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    Lerner: Tough to keep Erika Brown down

    by Gregg Lerner on
    Sun, Feb 5, 2012 4:20 AM

    Updated Sun, Feb 5, 2012 11:39 AM
    Lerner: Tough to keep Erika Brown down

     

    The objections from Erika Brown are relentless, fitting for someone who plays basketball in a similar fashion. They are playful but, make no mistake, hinted with sincerity.

    And, they are duly noted by MarQuette Burgess, the Paterson Kennedy coach who is beginning to develop deaf ears, steadfastly determined to do the admirable thing despite the formidable rebuttals of his standout junior guard.

    This is the story of a coach with all the right intentions. It’s about a man with his star player’s best interest in mind, envisioning her future with a Division 1 college program. So, he devoutly stresses patience in the face of the one-girl, full-court pressure mounted by Brown to get back on the court approximately five and a half months after suffering a torn ACL.

    “I can’t tell you how many conversations we’ve had about this,” Burgess said. “It use to be every day. Now, it’s down to once a week. She is an extremely bright young lady. I know she wants to be on the court. I would love to have her on the court. I care about Erika the basketball player. But, I love Erika the young lady.”

    Brown reluctantly concedes that Burgess makes valid points in his defense. But, complicating the matter is that she was cleared by her doctor to resume basketball activities on Jan. 20. While she is still awaiting her brace needed to play, she hasn’t wasted any time campaigning for her insertion in the lineup upon its arrival.

    “I appreciate where he’s coming from,” Brown said. “I just want to play basketball. I’ve been out too long. It’s been like five months. I’m dying inside. I need to get back on the court.”

    Luckily for all involved, Brown has found another outlet for the time being to channel her passion through.

    On Thursday during warmups prior to a game with Holy Angels, she was visiting individually with her teammates, dressed in khaki cargo pants and a black sweat jacket, offering words of wisdom and encouragement. Once the game began, she took a seat on the bench where she delivered pointers and also had lively banter with game officials.

    “She’s getting me in trouble on the bench,” Burgess said. “I got refs coming over, ‘Coach, I’m not going to take it from her’ because she is questioning calls. She is like a third coach.

    “She is helping out in a lot of ways. I understand how she would ultimately like to help out, but there will have to be some decisions made in the next few weeks. If I say no, she is going to hate me for who knows how long, but when the dust settles, she’ll understand.”

    Burgess knows a thing or two about knee injuries. He endured it when his daughter Ashlee tore her ACL while playing at Paterson Catholic in 2001. So, forgive him if he chooses to error on the side of overly protective.

    Burgess would love nothing more than to pencil Brown into his starting lineup. And, the reasons for doing so are mounting. The recent loss of forward Kylla Champagne to an injury has depleted the already-depleted Knights. And, with the Passaic County Tournament underway and the NJSIAA state tournament on the horizon, Brown would be a welcomed addition.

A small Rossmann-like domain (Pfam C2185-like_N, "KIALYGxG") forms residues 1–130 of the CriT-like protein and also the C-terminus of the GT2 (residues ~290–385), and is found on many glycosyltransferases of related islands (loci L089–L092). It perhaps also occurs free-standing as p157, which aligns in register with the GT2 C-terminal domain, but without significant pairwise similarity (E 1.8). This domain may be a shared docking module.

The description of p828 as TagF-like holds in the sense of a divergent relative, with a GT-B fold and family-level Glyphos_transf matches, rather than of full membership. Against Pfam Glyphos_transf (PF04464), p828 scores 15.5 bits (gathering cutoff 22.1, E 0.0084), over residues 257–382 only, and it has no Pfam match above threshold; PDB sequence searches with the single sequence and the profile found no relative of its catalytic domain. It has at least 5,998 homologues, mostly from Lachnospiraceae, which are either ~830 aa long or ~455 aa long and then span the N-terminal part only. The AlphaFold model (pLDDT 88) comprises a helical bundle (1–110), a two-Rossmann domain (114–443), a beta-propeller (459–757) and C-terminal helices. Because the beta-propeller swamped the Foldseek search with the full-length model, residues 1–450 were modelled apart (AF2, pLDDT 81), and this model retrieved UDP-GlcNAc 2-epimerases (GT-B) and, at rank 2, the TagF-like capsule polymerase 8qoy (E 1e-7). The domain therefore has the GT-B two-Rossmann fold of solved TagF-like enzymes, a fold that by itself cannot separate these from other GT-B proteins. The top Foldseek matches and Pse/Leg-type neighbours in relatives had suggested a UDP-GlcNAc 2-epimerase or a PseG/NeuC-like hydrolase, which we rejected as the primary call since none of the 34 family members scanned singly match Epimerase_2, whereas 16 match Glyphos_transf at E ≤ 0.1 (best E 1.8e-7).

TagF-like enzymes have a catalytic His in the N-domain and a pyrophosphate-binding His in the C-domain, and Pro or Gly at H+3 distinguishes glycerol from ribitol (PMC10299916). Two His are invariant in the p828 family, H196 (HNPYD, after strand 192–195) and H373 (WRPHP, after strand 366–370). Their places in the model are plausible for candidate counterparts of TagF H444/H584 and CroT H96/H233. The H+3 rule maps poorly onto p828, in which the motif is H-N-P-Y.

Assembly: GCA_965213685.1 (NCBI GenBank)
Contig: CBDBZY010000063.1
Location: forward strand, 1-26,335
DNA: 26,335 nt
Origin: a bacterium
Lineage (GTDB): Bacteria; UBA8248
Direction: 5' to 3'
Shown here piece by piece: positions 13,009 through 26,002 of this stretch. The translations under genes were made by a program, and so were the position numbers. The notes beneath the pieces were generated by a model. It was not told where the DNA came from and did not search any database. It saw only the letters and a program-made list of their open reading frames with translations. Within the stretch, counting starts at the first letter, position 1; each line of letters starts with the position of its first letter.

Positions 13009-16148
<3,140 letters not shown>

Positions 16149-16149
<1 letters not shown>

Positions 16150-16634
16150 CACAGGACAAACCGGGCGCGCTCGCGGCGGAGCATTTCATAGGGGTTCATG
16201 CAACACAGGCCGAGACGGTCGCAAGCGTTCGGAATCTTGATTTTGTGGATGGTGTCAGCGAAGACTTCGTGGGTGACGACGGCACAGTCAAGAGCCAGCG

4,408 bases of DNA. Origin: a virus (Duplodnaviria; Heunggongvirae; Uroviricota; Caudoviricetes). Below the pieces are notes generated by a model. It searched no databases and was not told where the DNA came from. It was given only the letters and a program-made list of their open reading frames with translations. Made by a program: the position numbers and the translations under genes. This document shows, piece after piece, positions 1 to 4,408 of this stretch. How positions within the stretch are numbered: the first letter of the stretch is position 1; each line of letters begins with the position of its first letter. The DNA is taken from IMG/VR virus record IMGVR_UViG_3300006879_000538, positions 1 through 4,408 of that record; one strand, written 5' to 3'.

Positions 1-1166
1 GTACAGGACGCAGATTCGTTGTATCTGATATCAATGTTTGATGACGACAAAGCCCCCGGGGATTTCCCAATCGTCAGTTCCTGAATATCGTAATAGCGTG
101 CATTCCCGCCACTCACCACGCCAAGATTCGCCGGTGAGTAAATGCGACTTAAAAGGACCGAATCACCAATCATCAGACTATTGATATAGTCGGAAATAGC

There’s no question the powerful 5-8 guard would be a huge asset.. Burgess loves to watch her play, to cover ground in a breath, to muscle her way inside and to take over games without breaking a sweat. As a sophomore, Brown established her place among the elite playmakers in Passaic County, averaging 16.2 points, 4.7 assists, 4.7 rebounds and 2.3 steals per game.

    It’s only natural to project what such numbers, even if slightly less than what she is capable of at full strength, would mean to Paterson Kennedy. The Knights, who rallied from a 31-19 deficit, to outlast Manchester Regional on Saturday, 57-50, in the first round of the Passaic County Tournament, are currently 14-5 and have been competitive in those five defeats, three of which were decided by eight points or less.

    “Every game we lost, I wanted to cry,” Brown said, adding, “Because I knew, if I was on the court, I could’ve helped. I can’t do anything on the bench.”

    Brown does more than she knows while sitting on the sideline.

    “Even though she’s not on the floor, she pushes us,” senior guard Ahnyyah Jackson said. “She is still our leader, our general on the bench. No one is trying to be Erika or fill her shoes, but we are all trying to contribute a little to help each other win”.

    Five months ago, Burgess resigned himself to let the healing process do its thing and to address her return following the doctor’s clearance. That time has come, perhaps faster than he anticipated, and he’s at a trying crossroads with the decision of what to do with the seemingly healthy and perhaps stronger Brown bouncing off the walls in eager anticipation of getting back into the fray.

    “I honestly don’t know what we are going to do,” Burgess said. “I love to watch her play and I want to watch her play for years to come. We’ll wait and see after she gets the brace.”

    Gregg Lerner covers girls basketball for MSG Varsity. Follow him on Twitter: @GreggLerner

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